Decoding a Percolation Phase Transition of Water at ∼330 K with a Nanoparticle Ruler
online resourceposted on 16.12.2020, 15:33 by Carlos D. S. Brites, Bilin Zhuang, Mengistie L. Debasu, Ding Ding, Xian Qin, Fernando E. Maturi, Winnie W. Y. Lim, De Wen Soh, J. Rocha, Zhigao Yi, Xiaogang Liu, Luís D. Carlos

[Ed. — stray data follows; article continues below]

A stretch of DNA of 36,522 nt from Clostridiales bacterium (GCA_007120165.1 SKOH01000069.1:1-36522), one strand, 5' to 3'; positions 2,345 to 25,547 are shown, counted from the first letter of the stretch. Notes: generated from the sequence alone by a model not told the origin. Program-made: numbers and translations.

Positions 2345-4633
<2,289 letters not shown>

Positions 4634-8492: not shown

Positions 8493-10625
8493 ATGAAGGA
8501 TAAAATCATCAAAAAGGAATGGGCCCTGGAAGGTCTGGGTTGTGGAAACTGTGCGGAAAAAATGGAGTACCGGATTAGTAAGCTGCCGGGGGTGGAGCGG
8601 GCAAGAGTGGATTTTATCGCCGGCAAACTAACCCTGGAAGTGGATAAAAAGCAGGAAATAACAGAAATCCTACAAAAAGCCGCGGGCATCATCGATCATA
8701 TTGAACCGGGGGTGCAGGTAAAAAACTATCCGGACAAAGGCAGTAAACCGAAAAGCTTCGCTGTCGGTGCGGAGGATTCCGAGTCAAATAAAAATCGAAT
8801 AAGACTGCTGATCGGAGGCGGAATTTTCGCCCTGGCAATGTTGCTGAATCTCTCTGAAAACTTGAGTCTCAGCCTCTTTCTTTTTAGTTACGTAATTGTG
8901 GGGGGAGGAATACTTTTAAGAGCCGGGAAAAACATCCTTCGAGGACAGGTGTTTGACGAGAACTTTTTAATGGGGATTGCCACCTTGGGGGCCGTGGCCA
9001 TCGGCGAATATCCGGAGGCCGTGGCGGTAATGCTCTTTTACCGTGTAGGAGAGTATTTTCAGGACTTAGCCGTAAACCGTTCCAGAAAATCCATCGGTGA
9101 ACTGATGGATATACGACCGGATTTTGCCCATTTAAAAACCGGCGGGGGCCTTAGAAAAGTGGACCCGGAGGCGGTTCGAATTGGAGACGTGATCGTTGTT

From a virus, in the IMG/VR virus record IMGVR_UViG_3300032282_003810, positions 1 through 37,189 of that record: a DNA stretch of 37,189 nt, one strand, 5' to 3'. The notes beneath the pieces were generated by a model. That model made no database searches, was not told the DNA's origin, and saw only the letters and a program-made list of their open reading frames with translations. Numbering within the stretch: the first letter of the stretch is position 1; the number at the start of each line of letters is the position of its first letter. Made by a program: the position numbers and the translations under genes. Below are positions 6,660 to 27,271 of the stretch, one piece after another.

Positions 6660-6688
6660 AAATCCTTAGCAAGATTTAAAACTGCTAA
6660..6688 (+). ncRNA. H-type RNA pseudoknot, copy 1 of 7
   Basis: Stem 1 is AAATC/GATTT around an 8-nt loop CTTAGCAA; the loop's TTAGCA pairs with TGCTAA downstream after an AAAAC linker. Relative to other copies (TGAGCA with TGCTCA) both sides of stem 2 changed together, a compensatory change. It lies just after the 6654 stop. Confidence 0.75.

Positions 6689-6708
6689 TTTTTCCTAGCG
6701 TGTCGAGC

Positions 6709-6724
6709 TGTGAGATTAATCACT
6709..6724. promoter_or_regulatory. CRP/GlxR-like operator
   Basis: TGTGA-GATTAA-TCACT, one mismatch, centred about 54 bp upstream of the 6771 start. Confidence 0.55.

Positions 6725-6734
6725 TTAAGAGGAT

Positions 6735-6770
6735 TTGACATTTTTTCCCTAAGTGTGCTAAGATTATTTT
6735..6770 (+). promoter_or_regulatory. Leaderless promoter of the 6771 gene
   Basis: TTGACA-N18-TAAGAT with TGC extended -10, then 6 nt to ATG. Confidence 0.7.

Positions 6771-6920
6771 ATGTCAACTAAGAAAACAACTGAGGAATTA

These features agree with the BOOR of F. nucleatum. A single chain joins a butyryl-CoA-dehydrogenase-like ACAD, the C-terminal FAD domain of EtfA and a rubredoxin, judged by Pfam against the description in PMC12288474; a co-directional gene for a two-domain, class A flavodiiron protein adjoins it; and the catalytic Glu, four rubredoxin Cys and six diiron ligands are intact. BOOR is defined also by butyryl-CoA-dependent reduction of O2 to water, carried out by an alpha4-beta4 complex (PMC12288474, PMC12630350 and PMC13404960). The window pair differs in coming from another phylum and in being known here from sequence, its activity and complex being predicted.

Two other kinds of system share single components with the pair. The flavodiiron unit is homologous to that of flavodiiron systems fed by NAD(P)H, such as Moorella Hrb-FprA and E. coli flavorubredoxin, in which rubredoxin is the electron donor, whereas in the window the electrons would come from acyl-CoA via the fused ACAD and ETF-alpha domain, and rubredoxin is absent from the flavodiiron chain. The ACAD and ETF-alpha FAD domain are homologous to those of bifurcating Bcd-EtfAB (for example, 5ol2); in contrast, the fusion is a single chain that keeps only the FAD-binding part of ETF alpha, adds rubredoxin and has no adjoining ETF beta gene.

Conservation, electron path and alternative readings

Liquid water, despite its simple molecular structure, remains one of the most fascinating and complex substances. Most notably, many questions continue to exist regarding the phase transitions and anomalous properties of water, which are subtle to observe experimentally. Here, we report a sharp transition in water at 330 K unveiled through experimental measurements of the instantaneous Brownian velocity of NaYF4:Yb/Er upconversion nanoparticles in water. Our experimental investigations, corroborated by molecular dynamics simulations, elucidate a geometrical phase transition where a low-density liquid (LDL) clusters become percolated below 330 K. Around this critical temperature, we find the sizes of the LDL clusters to be similar to those of the nanoparticles, confirming the role of the upconversion nanoparticle as a powerful ruler for measuring the extensiveness of the LDL hydrogen-bond network and nanometer-scale spatial changes (20–100 nm) in liquids. Additionally, a new order parameter that unequivocally classifies water molecules into two local geometric states is introduced, providing a new tool for understanding and modeling water’s many anomalous properties and phase transitions.